TABLE 2 | Clinical and demographic characteristics of the studies that addressed the changes in brain connectivity after depression treatment using Electroconvulsive Therapy (ECT) and repetitive Transcranial Magnetic Stimulation (rTMS).

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Longitudinal case control study

Longitudinal case control study

Longitudinal case control study

Longitudinal case control study and placebocontrolled clinical trial

Longitudinal case control study

Pre-treatment– post-treatment

Wu et al., 2011

Li et al., 2013

Andreescu et al., 2013

Posner et al., 2013

Wang et al., 2014

Yang et al., 2014

ICA with DMN template

Seed based. Seed at PCC comparisons with other DMN structures

Seed based: seed at PCC

Rest with eyes closed

Rest viewing a fixation point

Rest with eyes closed

Rest

Seed based: seed at hypotalamus

Whole brain analysis. Functional connectivity strength maps (FCS). Seed-based analysis with seeds at dmPFC and HPC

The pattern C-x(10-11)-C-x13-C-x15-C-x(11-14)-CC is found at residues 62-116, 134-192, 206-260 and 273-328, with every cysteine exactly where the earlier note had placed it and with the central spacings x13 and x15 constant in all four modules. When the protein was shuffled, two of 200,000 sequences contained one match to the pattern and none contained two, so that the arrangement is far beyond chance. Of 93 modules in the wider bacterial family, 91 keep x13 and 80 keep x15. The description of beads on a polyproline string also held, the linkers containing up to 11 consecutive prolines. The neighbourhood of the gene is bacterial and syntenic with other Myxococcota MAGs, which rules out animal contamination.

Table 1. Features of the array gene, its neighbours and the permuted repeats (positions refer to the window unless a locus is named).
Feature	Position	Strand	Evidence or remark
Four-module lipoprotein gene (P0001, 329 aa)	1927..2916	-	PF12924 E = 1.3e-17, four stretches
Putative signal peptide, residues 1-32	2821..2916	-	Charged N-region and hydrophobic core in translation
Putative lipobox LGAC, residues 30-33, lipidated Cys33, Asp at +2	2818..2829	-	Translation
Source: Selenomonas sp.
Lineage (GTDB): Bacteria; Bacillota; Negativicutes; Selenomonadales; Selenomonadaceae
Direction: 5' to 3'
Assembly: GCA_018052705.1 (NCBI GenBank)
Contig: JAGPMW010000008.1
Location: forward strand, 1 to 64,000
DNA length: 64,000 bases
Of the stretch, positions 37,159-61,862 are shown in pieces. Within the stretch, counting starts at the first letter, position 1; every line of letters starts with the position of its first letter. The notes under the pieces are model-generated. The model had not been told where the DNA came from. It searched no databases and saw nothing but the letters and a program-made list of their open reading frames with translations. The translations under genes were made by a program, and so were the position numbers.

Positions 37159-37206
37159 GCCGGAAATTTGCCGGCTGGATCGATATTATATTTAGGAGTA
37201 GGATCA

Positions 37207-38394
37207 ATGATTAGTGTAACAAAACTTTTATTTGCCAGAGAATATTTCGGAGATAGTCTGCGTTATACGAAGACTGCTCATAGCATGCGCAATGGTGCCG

Seed-based: seed at PCC

Slowfrequency finger tapping*

Rest with eyes closed

Data analysis

fMRi protocol design

None

MDD < HC on FCS left superior temporal gyrus, right angular gyrus, and occipital regions. MDD > HC on FCS in the right medial frontal gyrus, right supplemental motor area, and right parahipoccampal gyrus. MDD > HC in dmPFC with: lSFG, l_ dmPFC, and bilateral thalamus. MDD < HC HPC with cerebellum

MDD > HC PCC with: medial prefontal cortex, lateral parietal lobes, and pre-cuneus. MDD had greater DMN connection density than HC

↑ HPT with: DLPFC, OFC, SFG, pre-central gyrus, ACC, HPC, putamen insula, and claustrum. And areas of temporal and parietal lobules ↓ HPT with: IFG, MFG, SFG, cingulate gyrus, MTG, pre-cuneus, thalamus, and cerebellum

FCS in bilateral dmPFC reduced. FCS↑ between hippocampi and left cerebellum. ↓ dmPFC with: lSFG, left dmPFC, and thalamus. ↑ between hippocampi and cerebellum

Duloxetrine treated patients: ↓ PCC with: right lateral parietal cortex, right mid-superior frontal cortex, and right inferior temporal gyrus. Reduction in the DMN density. No connectivity changes in placebo group.

↑ Medial frontal Gyrus and dACC

LOD > HC ↑ PCC- Precuneuus, L_insula, and L_HPC

FCS and Resting connectivity changes in dmPFC positively correlated with changes in HDRS.

No association

Analysis not performed

No association

Analysis not performed

↑ PCC with sgACC and mPFC. Lower activations in sgACC and higher activations in rostral ACC and dorsal ACC

MDD = HC in bilateral pre-cuneus connectivity. No normalization of hiperconnectivity in mPFC of MDD patients

Correlation between connectivity changes and symptoms improvement